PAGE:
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The Science of Sous Vide

“Sous vide,” or “under vacuum,” refers to a style of cooking in which food is sealed in a plastic bag and submerged in a water bath that is held at a controlled temperature [1]. This technique originated in ancient times when humans wrapped their food in salt, fat, animal leaves, and animal bladders before cooking [2]. Sous vide in its fully realized form began in the 1960s as NASA scientists began to incorporate this concept into creating astronauts’ sealed-bag meals [2]. In the 1970s, French chefs (who had already popularized cooking en papillote or in paper), adopted the sous vide technique of cooking in plastic [3]. From here, sous vide spread to professional kitchens across the world, but it was not until the 1990s that food scientists began to study the deeper science behind sous vide processing. By the mid-2000s, sous vide became widely known and the past decade has seen a massive increase in its popularity [1] where it is heralded as “the most important technological advance in the kitchen since the microwave.” [3] Before sous vide machines were accessible to the home chef, a common method was using an ice chest, which keeps water hot long enough to effectively sous vide food [4]. Although this is still a popular and inexpensive technique, sous vide machines are now available from many brands for under $200.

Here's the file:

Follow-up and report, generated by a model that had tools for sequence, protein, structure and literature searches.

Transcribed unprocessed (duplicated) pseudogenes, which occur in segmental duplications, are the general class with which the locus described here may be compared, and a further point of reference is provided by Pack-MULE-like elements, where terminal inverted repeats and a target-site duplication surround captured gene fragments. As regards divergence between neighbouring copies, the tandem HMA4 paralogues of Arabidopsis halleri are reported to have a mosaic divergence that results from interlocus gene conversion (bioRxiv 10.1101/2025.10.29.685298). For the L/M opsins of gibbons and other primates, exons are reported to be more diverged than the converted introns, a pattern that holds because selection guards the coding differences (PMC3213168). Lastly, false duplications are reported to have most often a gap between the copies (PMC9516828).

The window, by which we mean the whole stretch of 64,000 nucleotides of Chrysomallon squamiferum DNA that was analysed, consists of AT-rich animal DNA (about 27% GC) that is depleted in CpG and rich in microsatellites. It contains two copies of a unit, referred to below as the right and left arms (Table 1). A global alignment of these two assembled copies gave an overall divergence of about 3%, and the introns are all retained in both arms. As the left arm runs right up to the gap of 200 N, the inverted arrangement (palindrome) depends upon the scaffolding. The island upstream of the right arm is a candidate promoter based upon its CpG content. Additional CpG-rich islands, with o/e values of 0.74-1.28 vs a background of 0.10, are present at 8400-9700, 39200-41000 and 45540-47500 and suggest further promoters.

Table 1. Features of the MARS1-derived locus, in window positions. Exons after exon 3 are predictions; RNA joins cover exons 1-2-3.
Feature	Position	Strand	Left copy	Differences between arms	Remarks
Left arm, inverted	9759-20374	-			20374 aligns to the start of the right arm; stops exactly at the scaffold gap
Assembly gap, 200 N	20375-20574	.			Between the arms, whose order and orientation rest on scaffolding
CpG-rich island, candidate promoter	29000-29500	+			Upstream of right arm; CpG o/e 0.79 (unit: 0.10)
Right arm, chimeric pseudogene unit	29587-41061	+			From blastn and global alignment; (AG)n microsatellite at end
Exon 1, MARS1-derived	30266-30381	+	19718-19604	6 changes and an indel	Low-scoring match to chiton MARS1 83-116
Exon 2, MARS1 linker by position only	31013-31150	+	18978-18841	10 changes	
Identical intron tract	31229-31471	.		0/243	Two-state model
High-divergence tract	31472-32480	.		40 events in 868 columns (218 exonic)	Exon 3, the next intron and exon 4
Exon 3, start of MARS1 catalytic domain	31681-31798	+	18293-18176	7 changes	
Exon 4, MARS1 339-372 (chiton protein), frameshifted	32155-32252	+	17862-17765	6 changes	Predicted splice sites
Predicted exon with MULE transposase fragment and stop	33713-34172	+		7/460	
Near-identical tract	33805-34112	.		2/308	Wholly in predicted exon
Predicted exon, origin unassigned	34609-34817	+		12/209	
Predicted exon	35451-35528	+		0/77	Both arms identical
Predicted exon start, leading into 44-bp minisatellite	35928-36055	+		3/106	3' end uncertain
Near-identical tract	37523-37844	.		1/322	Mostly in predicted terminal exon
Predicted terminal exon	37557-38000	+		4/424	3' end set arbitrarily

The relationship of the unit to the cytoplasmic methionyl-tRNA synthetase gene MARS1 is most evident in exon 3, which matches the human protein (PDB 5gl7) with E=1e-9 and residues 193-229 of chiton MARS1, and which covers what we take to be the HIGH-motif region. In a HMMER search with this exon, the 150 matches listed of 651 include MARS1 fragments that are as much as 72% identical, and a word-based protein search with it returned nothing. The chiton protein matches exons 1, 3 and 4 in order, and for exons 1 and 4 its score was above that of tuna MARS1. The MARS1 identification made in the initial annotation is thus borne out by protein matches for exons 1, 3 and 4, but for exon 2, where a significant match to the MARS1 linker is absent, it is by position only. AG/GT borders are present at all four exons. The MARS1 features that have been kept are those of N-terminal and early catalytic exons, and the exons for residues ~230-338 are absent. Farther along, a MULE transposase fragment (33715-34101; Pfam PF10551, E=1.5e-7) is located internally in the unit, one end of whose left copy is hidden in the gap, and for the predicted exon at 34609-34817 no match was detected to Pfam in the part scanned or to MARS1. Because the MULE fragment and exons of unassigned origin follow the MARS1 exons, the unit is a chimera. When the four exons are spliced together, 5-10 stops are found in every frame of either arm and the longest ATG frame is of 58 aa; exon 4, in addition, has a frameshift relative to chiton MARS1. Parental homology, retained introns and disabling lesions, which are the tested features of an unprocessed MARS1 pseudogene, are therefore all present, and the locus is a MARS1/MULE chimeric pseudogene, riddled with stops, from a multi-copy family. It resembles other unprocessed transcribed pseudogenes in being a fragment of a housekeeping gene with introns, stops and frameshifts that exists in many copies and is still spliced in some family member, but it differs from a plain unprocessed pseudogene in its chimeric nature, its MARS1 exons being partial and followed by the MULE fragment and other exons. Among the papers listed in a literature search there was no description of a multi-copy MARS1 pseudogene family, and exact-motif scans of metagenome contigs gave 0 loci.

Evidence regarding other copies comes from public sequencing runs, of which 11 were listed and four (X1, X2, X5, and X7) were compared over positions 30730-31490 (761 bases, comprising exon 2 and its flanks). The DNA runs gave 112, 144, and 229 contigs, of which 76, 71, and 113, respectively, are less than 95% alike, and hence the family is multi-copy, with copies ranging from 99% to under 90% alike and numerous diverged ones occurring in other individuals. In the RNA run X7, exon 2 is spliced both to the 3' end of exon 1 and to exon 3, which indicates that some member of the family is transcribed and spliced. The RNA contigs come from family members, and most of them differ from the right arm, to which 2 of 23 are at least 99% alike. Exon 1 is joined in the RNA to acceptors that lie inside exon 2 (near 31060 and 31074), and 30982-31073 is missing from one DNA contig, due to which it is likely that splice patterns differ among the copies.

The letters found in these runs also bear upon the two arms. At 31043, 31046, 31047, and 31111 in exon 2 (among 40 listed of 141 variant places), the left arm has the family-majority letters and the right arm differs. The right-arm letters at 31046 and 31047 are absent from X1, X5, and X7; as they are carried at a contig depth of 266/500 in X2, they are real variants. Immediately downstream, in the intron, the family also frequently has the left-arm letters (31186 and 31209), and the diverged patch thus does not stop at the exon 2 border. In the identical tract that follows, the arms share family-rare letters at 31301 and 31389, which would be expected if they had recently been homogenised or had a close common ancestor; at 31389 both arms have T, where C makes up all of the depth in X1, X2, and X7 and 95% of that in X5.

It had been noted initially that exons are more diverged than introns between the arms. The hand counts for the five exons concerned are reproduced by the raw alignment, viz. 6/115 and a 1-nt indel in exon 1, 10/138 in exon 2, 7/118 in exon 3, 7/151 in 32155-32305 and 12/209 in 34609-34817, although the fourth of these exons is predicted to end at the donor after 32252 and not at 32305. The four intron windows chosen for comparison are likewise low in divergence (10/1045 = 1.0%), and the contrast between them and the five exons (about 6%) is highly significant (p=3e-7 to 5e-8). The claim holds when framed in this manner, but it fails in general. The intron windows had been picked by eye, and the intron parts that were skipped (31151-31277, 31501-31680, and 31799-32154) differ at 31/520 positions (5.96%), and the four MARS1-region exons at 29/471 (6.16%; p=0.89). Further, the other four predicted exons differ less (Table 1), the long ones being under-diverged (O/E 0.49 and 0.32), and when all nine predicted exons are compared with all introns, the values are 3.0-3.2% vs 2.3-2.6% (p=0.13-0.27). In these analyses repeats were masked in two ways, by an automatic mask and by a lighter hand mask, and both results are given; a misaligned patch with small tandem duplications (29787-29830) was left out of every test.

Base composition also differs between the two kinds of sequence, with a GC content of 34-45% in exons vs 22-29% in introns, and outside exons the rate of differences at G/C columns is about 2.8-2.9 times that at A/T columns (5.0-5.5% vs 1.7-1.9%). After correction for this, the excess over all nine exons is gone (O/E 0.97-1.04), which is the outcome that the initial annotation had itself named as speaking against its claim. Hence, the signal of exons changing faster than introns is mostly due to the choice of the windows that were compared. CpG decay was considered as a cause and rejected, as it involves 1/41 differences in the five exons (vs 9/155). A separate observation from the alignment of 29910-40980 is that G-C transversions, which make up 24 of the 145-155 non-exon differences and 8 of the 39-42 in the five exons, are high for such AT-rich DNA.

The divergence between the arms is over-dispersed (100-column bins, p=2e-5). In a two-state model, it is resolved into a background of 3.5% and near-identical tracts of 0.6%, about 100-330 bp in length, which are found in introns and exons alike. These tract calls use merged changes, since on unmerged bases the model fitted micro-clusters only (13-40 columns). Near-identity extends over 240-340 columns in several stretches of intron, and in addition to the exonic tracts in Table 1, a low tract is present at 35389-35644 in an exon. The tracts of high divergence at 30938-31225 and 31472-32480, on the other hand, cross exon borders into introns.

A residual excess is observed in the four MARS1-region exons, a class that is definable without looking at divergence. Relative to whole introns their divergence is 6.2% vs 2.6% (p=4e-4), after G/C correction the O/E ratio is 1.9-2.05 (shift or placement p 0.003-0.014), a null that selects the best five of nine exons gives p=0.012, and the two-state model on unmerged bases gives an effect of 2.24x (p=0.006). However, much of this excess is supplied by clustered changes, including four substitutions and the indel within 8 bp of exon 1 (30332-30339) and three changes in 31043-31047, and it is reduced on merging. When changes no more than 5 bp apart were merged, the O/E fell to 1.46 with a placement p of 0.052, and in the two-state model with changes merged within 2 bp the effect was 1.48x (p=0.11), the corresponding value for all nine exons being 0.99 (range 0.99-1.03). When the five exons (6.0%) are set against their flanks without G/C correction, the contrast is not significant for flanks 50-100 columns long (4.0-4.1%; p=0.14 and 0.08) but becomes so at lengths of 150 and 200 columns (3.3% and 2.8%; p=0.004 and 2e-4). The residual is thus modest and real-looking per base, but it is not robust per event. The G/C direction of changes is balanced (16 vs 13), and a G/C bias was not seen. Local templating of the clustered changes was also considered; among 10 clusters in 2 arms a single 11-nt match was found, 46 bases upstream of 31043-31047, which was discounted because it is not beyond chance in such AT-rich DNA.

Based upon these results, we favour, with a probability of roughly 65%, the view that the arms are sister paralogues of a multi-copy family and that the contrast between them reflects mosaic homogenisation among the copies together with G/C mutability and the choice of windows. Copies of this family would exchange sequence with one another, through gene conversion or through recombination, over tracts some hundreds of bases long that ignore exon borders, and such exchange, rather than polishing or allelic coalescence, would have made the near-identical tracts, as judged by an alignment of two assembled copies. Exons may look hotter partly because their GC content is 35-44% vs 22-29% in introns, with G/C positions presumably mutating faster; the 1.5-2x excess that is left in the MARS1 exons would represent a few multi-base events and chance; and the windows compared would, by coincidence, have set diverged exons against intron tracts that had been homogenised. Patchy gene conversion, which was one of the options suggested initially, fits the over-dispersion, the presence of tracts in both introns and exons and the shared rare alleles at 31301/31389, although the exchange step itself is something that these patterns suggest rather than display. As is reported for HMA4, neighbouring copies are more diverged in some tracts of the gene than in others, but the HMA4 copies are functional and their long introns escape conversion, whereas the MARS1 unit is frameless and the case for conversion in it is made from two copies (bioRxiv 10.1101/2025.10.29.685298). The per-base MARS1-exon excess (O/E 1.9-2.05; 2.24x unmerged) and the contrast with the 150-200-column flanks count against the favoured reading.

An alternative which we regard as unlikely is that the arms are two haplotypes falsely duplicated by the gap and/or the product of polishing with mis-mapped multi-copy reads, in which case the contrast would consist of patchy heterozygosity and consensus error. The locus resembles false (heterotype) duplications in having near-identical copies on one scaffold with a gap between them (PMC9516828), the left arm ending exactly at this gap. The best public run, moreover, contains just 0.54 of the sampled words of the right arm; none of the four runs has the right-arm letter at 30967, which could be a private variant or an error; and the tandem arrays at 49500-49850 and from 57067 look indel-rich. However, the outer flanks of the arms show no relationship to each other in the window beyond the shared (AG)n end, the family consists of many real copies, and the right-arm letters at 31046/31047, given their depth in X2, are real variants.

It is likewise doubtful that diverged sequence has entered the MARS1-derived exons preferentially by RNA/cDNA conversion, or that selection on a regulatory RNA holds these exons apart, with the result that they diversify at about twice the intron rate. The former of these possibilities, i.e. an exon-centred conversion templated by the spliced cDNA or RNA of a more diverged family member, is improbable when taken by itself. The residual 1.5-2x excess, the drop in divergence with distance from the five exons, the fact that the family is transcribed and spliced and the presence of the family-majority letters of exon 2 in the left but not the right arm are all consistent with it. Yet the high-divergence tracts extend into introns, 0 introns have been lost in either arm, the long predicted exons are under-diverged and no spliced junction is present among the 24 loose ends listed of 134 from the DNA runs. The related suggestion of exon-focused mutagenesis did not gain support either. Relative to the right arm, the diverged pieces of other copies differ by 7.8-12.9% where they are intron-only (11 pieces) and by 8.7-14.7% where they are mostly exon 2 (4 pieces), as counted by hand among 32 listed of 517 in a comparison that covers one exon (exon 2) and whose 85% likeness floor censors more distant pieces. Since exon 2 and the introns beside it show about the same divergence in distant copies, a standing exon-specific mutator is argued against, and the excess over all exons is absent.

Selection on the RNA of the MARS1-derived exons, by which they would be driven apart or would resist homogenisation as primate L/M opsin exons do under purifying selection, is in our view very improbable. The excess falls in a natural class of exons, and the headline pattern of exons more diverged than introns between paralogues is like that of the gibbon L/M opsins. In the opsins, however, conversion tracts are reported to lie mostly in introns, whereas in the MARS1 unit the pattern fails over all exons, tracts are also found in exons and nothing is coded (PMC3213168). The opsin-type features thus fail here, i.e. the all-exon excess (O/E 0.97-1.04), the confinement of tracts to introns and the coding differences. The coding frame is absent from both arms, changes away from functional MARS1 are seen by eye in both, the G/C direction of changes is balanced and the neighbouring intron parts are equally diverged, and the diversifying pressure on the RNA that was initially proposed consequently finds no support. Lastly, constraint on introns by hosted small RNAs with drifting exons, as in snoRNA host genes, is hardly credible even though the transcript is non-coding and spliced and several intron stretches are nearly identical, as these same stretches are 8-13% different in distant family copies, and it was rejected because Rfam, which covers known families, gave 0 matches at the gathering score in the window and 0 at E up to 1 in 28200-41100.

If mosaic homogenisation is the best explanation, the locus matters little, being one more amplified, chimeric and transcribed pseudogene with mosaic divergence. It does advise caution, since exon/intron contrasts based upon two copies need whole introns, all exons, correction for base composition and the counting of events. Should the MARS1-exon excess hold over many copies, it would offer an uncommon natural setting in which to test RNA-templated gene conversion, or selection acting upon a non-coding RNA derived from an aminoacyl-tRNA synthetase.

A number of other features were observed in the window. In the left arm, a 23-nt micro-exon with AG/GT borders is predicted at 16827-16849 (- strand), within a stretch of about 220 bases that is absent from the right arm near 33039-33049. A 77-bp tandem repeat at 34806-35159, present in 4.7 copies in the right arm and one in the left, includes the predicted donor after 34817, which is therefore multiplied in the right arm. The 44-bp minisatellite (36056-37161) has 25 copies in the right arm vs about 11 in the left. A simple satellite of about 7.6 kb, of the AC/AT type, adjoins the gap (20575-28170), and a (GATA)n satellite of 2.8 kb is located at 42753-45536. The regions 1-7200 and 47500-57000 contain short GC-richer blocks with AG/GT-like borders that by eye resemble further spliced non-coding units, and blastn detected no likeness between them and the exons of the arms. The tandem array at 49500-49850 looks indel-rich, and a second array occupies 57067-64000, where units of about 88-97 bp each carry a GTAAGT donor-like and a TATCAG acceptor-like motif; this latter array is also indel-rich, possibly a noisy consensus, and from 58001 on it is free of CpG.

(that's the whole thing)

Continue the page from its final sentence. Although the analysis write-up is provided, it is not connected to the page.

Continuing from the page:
Traditionally cooked steak (left) vs. sous vide steak (right). The gradation is very visible in the traditionally cooked steak. Photo credit: Nathan Myhrvold/Modernist Cuisine

Traditionally cooked steak (left) vs. sous vide steak (right). The gradation is
very visible in the traditionally cooked steak. [Photo credit: Modernist Cuisine]

The appeal of sous vide comes with its ease and ability to precisely control the temperature at which the food is cooked. By targeting a specific minimum temperature at which proteins denature, it is virtually impossible to overcook your food. When food is cooked by traditional methods such as on the stovetop or in the oven, the outside of the food rises to temperatures that are much higher than the final desired temperature of the food. This increases the risk of overcooking the outside (and inside) of the food in an attempt to reach the correct internal temperature. By using sous vide, food is cooked for a longer period of time and at a lower temperature than usual and is raised uniformly to the same temperature [5]. This prevents evaporative loss of moisture (Fig. 1) and enables tough cuts of meat to be made tender while still cooking them medium/medium-rare [1].